Santa Caterina at the Crossing


Joined June 2010

  • Available
  • Artist
  • Artwork Comments 2

Wall Art


Artist's Description

“A 24-year-old woman was first seen in 1950, because of seizures. From early childhood she had been unusually fond of music and had always felt a strong desire to express her emotions in dancing. At the age of 16 she was a tall, gaunt girl who felt both inferior and aloof. At this time she would often dance in the living room and her father would tease her about her ‘jitterbug antics.’ Offended, she would withdraw to her room and in solitude play records by the hour. She felt transported by loud ‘swing’ music and discovered that by concentrating intensely she could ‘see visions.’ These usually were of a blond woman and a dark man. They were dressed in various fashions but usually wore evening clothes, as if they were about to attend a formal dance. The couple seemed to be dancing together. The patient mentioned this phenomenon casually to her parents and friends, none of whom believed her. She rather enjoyed the vision and the accompanying trancelike state which she entered after prolonged listening. She continued to induce these episodes for the next 2 years.
In 1945, the patient struck her head in an automobile accident; however, there was no alteration of consciousness or signs of external injury. She was in bed for the next 5 days because of ‘shock.’ Six months later she had a nocturnal generalized convulsion. Shortly thereafter the visual hallucinations began to appear whenever she heard certain music, even though she had not consciously willed them. This inexorable recurrence reduced her to panic at the sound of jazz music…” {Source: Musicogenic Epilepsy: Report of 3 Cases; David D. Daly, MD and Maurice J Barry, Jr., MD; Psychosomatic Medicine, September 1957, 19: 399-408}.

Did her desire, her focus, her need—and the music—bring her in contact with some other reality, in which a woman danced with a partner, instead of alone and subject to ridicule? It is important to notice the difference between a fantasy or daydream and a hallucination, the latter affecting all the senses and being something that our entire being sinks into.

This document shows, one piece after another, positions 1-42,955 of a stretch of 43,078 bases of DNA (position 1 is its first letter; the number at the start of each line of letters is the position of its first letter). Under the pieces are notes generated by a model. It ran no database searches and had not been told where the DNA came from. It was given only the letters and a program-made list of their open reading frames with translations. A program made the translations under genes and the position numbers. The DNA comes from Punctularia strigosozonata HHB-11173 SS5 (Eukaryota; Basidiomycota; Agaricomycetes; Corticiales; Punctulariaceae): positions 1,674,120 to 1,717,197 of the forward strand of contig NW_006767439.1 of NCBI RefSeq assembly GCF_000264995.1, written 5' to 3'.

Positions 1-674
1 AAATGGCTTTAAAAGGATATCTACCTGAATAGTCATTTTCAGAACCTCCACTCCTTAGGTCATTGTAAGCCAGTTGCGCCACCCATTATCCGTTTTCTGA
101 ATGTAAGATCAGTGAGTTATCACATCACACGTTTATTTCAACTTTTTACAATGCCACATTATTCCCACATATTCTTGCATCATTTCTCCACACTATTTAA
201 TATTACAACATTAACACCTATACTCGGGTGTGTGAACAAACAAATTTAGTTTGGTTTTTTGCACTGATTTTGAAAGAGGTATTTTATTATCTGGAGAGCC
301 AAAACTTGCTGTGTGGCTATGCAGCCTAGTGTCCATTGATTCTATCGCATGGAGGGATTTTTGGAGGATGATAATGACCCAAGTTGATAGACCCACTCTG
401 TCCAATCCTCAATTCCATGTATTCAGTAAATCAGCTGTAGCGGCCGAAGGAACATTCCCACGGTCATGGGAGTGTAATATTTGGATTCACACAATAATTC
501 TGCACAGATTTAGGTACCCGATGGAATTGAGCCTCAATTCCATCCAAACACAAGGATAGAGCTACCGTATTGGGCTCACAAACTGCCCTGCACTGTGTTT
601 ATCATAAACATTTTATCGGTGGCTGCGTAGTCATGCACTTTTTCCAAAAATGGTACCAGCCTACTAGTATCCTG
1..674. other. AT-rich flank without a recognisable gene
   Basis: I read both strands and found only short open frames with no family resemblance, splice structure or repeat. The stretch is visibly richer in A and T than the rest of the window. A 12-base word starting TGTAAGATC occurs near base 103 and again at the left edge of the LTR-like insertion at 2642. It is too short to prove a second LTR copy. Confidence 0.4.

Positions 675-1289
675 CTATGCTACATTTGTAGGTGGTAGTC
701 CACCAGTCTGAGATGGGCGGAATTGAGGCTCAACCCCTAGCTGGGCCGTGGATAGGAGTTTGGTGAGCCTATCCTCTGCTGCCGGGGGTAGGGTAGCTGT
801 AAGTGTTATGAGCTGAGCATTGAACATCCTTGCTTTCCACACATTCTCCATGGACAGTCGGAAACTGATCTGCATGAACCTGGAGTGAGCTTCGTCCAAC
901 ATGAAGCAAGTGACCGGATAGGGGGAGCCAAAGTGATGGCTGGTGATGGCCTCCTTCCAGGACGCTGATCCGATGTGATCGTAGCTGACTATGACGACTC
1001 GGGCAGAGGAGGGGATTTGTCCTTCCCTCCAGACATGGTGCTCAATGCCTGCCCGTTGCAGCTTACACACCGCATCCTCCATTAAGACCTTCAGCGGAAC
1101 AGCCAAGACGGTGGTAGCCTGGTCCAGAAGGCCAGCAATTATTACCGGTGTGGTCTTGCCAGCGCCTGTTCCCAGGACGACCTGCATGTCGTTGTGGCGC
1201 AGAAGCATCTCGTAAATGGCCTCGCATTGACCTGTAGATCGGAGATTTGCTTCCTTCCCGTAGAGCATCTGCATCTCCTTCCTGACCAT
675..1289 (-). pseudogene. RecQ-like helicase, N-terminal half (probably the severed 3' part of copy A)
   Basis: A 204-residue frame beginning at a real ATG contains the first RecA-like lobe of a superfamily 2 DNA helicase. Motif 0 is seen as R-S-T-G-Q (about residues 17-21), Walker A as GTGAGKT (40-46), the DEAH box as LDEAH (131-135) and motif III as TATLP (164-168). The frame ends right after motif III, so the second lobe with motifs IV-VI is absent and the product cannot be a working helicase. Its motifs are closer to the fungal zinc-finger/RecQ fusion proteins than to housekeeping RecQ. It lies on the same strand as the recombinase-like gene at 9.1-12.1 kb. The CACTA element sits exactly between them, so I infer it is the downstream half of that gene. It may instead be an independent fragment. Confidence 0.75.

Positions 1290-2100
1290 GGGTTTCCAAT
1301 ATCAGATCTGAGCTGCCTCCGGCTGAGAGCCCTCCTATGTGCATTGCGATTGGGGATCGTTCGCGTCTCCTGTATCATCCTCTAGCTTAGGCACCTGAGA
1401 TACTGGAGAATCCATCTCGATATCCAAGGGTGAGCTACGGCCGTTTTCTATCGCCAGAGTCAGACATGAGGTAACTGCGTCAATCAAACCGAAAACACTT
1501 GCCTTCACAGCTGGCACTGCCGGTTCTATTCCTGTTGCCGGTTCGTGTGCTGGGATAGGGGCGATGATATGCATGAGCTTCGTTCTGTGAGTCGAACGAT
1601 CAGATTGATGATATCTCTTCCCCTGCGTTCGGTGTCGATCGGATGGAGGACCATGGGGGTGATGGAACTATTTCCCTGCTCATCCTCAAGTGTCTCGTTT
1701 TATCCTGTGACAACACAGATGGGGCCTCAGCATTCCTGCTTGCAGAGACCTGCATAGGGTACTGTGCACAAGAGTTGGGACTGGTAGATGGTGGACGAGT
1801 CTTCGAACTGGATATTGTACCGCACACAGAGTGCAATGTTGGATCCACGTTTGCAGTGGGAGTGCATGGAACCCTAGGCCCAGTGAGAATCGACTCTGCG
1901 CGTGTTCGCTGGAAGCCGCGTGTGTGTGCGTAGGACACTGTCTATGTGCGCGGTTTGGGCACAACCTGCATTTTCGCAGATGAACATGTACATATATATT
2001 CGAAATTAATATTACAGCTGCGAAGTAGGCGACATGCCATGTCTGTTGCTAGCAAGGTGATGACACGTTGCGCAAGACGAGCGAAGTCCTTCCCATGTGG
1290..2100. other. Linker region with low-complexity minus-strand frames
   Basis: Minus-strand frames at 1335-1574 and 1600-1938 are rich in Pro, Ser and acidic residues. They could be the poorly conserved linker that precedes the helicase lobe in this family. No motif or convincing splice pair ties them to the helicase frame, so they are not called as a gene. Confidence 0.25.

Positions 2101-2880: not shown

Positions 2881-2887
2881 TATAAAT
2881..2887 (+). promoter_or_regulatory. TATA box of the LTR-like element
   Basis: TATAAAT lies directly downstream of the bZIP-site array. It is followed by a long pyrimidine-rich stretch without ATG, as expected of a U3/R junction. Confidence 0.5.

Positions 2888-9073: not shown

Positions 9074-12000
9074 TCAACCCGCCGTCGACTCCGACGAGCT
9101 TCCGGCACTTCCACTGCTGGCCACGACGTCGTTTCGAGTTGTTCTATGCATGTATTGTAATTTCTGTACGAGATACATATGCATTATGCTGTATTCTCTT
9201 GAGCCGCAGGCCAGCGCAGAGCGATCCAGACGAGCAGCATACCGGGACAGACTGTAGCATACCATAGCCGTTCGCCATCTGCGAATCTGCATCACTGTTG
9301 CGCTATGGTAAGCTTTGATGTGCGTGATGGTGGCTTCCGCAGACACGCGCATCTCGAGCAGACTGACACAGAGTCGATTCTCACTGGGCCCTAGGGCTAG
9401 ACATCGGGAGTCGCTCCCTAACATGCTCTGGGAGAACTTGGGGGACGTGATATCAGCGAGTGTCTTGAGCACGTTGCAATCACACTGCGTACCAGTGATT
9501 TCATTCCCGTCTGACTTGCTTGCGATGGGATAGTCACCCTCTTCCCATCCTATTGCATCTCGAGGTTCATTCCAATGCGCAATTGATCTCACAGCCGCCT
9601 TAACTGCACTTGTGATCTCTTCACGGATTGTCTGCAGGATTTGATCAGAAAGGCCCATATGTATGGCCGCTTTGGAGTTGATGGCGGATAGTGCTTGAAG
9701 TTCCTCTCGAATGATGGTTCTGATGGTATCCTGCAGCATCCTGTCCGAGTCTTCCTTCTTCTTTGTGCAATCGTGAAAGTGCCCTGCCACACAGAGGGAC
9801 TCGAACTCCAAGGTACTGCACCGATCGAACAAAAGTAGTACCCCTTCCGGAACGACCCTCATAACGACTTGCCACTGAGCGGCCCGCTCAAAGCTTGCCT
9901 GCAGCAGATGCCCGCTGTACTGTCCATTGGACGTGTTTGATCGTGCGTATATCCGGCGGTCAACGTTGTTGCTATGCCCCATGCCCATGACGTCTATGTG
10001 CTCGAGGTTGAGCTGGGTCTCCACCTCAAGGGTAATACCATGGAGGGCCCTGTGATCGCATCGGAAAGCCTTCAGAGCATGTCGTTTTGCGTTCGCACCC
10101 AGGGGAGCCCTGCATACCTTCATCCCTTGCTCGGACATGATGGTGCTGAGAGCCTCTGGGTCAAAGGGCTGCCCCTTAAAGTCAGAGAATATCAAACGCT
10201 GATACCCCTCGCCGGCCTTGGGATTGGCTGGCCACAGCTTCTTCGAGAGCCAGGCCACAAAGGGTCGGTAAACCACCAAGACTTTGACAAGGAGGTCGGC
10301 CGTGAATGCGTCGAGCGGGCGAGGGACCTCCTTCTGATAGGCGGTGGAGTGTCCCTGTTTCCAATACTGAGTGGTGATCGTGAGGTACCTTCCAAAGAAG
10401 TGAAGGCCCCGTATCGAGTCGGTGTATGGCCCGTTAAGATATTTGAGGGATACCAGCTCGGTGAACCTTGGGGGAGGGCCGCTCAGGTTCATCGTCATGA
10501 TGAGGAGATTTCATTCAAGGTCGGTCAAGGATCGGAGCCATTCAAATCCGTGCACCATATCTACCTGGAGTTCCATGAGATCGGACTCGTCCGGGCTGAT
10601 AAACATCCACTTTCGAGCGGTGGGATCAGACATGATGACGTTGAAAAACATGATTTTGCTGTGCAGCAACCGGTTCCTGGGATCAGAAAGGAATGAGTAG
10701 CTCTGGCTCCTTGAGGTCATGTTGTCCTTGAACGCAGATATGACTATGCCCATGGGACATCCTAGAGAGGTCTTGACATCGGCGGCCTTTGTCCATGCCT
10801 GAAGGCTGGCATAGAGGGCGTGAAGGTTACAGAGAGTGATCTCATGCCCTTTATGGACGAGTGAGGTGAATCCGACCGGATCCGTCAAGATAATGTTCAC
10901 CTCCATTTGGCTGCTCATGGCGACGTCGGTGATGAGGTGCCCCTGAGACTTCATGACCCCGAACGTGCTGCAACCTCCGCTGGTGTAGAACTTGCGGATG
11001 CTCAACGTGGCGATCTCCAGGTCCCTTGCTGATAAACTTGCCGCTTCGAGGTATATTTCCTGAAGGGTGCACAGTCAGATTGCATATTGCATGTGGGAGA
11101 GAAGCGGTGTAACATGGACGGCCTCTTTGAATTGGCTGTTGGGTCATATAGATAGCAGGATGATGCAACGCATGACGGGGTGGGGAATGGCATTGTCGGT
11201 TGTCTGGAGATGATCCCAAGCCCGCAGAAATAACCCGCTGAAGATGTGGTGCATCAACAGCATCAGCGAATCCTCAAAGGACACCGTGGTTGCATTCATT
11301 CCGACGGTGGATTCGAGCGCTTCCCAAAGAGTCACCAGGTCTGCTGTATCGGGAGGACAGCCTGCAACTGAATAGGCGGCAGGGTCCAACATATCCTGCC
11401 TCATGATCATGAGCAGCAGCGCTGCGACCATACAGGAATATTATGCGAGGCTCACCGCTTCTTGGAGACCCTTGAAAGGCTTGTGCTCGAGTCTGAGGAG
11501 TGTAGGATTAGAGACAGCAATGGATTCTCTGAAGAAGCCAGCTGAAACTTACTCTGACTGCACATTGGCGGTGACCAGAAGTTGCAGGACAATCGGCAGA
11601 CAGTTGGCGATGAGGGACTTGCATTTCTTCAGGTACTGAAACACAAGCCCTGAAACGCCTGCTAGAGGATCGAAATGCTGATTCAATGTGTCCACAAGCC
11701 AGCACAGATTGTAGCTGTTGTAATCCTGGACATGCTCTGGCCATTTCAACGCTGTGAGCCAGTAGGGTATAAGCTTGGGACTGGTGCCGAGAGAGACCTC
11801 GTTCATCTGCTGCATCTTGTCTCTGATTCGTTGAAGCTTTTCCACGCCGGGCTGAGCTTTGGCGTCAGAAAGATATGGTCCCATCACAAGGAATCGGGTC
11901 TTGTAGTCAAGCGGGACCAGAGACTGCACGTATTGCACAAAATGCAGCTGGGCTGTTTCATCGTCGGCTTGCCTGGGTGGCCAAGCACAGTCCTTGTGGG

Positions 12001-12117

And what happened after the accident? All of a sudden the existence of that other pair no longer depended upon her call…as if they really did exist on their own…

If there really are unlimited streams of reality, where could they all be hiding, other than inside the mind? As we trace the electricity of our brains and bodies and the music of that electricity, can we discover wormholes to other universes, other iterations of our selves?

One Tango dancer grasps the bow and the other the viola, all four characters involved in the same rhythmic event though from different planes of reality; out of darkness, out of light, the electricity brings them together and to life. Who is calling whom? Who is real and who is not?

Artwork Comments

  • Anita Inverarity
  • LisaMM
desktop tablet-landscape content-width tablet-portrait workstream-4-across phone-landscape phone-portrait
desktop tablet-landscape content-width tablet-portrait workstream-4-across phone-landscape phone-portrait

10% off

for joining the Redbubble mailing list

Receive exclusive deals and awesome artist news and content right to your inbox. Free for your convenience.